Rich people see the world differently.

richpeople_nymag

I’ve long noticed that middle, working class and lower middle class families seem to care more about each other and show more empathy and generosity to each other than upper middle class and wealthy families, who often seem cold and unsupportive, even to their own. Many upper middle class families, including my own, seem to take the “sink or swim” attitude even to their own children. They refuse to offer either emotional or financial support when you fall on hard times. Their attitude is, each man or woman is an island and no one is responsible for you but yourself. They don’t seem to believe in lending a helping hand when one of their members falls down or is having difficulty. In fact, too many seem likely to kick that person when they’re down and blame the victim for their troubles. “Well, if she had only done this or that,” or “she never listened and this is what she gets,” or “well, she always made such poor choices.” If you’re not doing well, they seem embarrassed or ashamed of you and may even exclude or shun you.

In middle to lower-class families, there just seems to be more empathy and understanding and emotional support shown to other family members who are having difficulties. They seem more likely to listen without judging or shaming, and will even try to help financially when they can, even though they might not be able to afford to.

Of course, this isn’t an ironclad rule. There are many well to do families who are very emotionally supportive and empathic to one another, and may also give generously to charity. There are also many dysfunctional lower class families who treat other family members horribly. But the class differences in empathy is a pattern I’ve noticed, especially as someone who came from one of these cold as ice upper middle class families. I think narcissism runs rampant in the upper middle class even more than the truly wealthy, who are more secure in their status. In my own family (we were far from rich, but I suppose we were solidly upper middle class), I might as well have been an orphan, for all the “love and support” I got from them over the years. Now I’m a source of shame for most of them. Oh well, too bad. I feel like I’m a better person than they are because I don’t judge people based on their physical appearance, financial status, or job title.  I look at what’s inside, or at least I try to.

I thought it was just me, but apparently there is empirical evidence that supports the idea that rich people are less empathic and care more about themselves while the less wealthy feel more like “we’re all in this together.”   This article from NYMag.com  explains the research behind this finding.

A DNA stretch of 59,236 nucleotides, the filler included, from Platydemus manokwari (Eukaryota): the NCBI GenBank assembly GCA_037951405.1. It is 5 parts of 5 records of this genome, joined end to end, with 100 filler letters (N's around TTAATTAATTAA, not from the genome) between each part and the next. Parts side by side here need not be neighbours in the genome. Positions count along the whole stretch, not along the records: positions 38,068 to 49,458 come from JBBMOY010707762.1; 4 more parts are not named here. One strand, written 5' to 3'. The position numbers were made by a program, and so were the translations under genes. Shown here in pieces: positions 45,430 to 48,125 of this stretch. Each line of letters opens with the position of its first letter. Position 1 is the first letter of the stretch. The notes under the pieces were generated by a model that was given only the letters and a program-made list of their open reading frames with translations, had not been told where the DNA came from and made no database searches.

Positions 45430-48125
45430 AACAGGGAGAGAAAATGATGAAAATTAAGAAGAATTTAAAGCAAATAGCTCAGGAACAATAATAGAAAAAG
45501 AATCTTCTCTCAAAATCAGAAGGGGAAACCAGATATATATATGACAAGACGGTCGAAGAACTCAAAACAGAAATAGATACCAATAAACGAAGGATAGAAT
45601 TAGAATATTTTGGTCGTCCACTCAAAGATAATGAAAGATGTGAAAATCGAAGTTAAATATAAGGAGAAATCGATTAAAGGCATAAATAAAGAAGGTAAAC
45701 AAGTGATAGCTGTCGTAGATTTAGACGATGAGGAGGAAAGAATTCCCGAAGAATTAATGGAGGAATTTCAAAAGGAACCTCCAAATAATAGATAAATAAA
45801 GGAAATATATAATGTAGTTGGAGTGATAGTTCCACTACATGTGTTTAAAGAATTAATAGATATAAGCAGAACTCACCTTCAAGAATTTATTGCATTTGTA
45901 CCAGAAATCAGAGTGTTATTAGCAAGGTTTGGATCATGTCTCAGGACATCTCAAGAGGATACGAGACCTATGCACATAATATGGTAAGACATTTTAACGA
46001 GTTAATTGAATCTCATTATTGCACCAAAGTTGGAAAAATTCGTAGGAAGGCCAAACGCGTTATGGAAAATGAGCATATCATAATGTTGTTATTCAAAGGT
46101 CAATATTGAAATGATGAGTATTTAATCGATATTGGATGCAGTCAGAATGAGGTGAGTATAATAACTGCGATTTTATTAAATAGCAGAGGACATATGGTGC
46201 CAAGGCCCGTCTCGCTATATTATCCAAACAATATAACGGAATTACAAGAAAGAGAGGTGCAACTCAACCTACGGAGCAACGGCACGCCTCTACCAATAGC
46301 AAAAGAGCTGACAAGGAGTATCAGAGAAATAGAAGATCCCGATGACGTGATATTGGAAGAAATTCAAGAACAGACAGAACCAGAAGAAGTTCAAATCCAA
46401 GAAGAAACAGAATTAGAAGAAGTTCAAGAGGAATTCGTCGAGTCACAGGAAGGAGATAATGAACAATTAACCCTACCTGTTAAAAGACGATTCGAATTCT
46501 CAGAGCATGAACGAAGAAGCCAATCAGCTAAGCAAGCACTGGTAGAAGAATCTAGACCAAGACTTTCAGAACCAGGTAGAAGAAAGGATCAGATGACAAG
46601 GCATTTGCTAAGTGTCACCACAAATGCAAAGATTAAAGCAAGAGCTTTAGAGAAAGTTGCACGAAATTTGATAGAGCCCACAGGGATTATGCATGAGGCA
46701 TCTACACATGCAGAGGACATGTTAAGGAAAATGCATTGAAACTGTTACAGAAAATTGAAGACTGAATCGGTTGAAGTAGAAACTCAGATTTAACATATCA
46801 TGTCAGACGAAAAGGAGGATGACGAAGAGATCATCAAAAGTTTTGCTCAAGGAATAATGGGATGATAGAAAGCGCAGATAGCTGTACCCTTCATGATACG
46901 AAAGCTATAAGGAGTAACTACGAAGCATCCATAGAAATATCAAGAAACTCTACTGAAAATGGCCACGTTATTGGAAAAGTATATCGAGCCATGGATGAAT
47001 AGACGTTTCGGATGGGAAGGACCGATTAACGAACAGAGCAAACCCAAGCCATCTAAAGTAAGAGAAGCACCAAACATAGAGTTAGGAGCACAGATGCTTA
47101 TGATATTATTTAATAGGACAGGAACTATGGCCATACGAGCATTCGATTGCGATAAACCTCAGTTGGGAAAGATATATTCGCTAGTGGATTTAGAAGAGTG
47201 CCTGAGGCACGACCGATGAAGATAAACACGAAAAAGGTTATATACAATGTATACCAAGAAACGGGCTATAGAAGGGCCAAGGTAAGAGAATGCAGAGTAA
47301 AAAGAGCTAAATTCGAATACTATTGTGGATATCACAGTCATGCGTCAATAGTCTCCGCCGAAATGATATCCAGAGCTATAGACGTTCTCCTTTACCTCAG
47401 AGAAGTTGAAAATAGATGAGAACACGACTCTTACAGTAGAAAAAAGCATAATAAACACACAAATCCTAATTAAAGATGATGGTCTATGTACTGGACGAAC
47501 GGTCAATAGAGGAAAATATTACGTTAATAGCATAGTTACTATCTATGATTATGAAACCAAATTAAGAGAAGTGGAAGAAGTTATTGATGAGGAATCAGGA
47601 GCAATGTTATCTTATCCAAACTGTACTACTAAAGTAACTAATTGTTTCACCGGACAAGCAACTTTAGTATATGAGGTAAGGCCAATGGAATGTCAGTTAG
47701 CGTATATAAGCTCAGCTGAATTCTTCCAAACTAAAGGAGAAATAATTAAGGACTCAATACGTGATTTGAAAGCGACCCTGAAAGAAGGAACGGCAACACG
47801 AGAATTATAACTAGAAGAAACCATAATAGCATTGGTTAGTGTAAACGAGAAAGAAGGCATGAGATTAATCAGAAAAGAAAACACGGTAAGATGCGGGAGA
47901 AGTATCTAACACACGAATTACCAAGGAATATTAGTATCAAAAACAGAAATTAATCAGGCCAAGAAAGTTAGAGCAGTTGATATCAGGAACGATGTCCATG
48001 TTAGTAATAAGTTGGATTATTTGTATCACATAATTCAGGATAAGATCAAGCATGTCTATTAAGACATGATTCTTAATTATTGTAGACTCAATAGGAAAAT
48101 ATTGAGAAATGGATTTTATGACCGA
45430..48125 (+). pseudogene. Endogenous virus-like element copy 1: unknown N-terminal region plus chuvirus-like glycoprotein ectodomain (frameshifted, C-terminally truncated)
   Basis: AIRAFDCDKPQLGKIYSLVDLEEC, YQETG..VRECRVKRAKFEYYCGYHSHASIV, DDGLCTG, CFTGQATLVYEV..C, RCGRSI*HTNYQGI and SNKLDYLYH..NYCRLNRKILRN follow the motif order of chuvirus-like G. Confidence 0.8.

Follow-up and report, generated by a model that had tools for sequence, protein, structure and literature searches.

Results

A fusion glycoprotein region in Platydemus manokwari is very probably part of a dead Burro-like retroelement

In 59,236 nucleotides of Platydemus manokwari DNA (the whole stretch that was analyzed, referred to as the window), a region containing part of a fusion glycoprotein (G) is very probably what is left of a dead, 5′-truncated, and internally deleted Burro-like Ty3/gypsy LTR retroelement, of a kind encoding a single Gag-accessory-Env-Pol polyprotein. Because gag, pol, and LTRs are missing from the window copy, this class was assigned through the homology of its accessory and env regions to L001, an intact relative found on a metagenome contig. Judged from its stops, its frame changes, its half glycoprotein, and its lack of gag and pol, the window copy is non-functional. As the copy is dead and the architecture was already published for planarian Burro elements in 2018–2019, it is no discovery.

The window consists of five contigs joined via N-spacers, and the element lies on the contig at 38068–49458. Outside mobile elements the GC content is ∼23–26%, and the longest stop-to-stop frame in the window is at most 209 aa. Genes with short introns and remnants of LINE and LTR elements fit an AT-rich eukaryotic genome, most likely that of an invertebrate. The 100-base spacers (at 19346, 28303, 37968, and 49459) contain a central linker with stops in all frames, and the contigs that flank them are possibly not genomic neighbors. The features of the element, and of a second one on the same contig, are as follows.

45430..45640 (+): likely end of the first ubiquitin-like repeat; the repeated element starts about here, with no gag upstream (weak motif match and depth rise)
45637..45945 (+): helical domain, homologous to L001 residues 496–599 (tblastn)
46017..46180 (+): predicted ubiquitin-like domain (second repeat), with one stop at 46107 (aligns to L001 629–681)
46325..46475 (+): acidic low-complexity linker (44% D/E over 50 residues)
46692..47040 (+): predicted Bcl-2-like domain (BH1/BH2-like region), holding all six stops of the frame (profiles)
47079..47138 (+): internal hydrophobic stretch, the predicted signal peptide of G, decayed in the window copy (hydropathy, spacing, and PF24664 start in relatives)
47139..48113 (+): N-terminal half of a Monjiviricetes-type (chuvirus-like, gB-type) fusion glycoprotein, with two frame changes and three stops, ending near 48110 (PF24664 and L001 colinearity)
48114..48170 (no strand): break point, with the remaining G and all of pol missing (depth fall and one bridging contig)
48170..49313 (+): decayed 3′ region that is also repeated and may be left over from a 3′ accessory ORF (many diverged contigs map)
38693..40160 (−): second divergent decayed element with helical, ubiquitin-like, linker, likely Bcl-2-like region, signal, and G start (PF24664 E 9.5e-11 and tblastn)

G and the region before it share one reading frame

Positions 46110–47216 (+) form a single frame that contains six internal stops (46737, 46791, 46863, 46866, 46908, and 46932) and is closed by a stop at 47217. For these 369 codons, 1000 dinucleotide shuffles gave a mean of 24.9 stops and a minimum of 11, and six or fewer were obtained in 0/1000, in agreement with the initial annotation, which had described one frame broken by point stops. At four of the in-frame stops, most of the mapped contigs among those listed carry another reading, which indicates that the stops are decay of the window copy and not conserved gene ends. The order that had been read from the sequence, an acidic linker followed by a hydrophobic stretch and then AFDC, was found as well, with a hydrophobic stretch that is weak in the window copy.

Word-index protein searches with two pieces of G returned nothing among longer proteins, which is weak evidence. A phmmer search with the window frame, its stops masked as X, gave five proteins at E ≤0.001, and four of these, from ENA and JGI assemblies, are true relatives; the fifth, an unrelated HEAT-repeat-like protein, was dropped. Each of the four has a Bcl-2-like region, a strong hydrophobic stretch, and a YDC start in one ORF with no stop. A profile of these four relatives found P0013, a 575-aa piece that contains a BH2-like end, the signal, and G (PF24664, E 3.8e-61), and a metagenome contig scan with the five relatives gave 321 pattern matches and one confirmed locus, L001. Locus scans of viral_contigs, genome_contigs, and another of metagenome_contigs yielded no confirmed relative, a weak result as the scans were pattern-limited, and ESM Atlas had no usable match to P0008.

Rich People Literally See The World Differently

By Drake Baer, for NYmag.com

http://nymag.com/scienceofus/2017/02/how-rich-people-see-the-world-differently.html

The way you view the world depends on the culture you come from — in a granular, second-by-second sense. If you present a Westerner and an East Asian with the same visual scene, for instance, the former is more likely to focus on individual objects, and the latter will likely take in more of the scene as a whole. East Asians are more holistic in their thinking, the research indicates; Westerners are more analytic.

The same thing is happening with people who are from the same country, but belong to different social classes. With America’s top one percent of earners earning 81 times the average of the bottom 50 percent, the research shows how the wealthy and the working classes really do live in different cultures, and thus see the world in different ways.

One of the most powerful examples come from Michael Varnum, a neuroscientist at Arizona State University. In a 2015 paper on empathy, he and his colleagues recruited 58 participants for a brain-imaging study: First, the participants filled out a self-report on their social class (level of parents’ education, family income, and the like) before sitting down for an EEG session. In the brain-imaging task, participants were shown neutral and pained faces while they were told to look for something else (the faces were a “distractor,” in the psych argot, so hopefully the participants wouldn’t know they were being tested for empathy).

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Read the rest of this article here.